If you ever get a chance to hear Thom Knoles speak, TAKE IT! I’ve written here before about the quality of the teacher-student relationship in India and the kind of teaching we expect here in the West.
Thom Knoles straddles the boundary between the Indian teacher-to-student relationship and the European classroom lecture method. He is revered in India as a great teacher with comprehensive knowledge of the Vedas; and he is looked to by his students in the West for his direct and gentle style of teaching profound and life-affirming concepts from the Vedas.
Vedic meditation is a simple practice in and of itself. Each student receives a mantra chosen specifically and individually for that student, and the practice is simply to use the mantra twice a day for a brief period, usually about twenty minutes. Hundreds of studies show the various positive effects of this daily practice, from such mundane benefits as lowering blood pressure and improving the grades of high school students who practice regularly; to enhanced cognitive functions and spiritual awakening. The practical improvements are the principal reason that most people decide to try it out. The more profound and intangible effects are why most people continue to meditate every day.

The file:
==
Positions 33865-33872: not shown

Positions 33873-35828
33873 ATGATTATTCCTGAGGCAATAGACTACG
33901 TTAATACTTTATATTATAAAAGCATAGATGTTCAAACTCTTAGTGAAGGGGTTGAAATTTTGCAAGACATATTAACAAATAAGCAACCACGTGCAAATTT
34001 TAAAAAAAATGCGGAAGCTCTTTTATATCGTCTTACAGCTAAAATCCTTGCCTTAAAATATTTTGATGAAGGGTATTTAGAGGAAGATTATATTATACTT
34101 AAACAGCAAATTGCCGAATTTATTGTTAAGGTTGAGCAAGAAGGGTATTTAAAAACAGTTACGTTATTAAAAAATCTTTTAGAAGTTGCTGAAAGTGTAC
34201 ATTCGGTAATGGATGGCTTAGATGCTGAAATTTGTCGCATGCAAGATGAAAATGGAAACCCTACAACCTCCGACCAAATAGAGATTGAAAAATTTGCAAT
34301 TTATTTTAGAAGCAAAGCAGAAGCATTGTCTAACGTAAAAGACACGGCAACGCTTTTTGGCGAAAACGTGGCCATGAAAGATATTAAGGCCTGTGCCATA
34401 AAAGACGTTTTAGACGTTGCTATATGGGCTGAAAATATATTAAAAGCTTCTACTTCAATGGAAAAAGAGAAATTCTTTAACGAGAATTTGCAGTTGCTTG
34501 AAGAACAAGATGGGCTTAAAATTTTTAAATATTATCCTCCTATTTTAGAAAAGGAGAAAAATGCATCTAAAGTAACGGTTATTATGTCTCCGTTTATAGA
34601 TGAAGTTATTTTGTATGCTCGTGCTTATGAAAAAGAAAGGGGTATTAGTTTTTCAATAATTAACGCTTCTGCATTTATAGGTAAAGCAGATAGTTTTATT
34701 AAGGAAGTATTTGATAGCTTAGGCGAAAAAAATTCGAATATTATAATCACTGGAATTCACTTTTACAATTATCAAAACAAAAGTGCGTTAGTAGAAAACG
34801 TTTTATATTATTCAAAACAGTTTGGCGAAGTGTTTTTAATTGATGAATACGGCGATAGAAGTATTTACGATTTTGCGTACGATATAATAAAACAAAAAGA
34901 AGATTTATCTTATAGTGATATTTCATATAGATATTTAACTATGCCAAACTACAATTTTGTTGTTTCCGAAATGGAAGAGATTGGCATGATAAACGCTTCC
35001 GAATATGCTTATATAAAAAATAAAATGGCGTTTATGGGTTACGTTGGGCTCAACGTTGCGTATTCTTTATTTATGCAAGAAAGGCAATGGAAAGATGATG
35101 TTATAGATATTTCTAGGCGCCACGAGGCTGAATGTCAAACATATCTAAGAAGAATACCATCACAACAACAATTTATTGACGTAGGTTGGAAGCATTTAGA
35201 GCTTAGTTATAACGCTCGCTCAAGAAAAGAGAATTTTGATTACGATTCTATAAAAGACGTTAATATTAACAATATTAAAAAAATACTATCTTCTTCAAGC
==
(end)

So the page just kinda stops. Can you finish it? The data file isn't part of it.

Thom teaches the Vedic meditation practice. But his teaching goes far beyond the simple initiation ceremony. He brings concepts and beliefs that are millennia old to his Western students in a way that no other teacher I’ve known or read has done. Thom’s teaching is unique and delightful because of his gift for finding stories and examples to illustrate these complex concepts in terms and situations that are completely and instantly recognizable to his students. He does not reduce profound truths to pithy quotations or a series of steps. Rather, he raises his students’ understanding of a concept with empathetic selection of slices of modern life.
Recently I went to Thom’s talk, “The Conscious Design of Happiness,” in London. The content of the talk was practical and spiritual, delightful and illuminative, all at the same time; but what most inspired me was Thom’s gentleness, directness and simplicity. He needed no fancy “visuals,” no staging, no notes. He sat quietly, comfortably and informally in a chair and spoke for over an hour. I’m sure he had an outline in his mind of what he wanted to cover, but he allowed his intuition to guide his talk and the specific examples he chose. As a teacher myself, I was delighted and encouraged to be assured by example that simply having the knowledge in one’s mind and trusting in the moment to give cues about content can actually work.
Speaking briefly with him afterward, I saw in a personal moment the same simplicity, directness and self-knowledge that comes across publicly. He is, as my California friends say, The Real Deal.
Link: Thom Knoles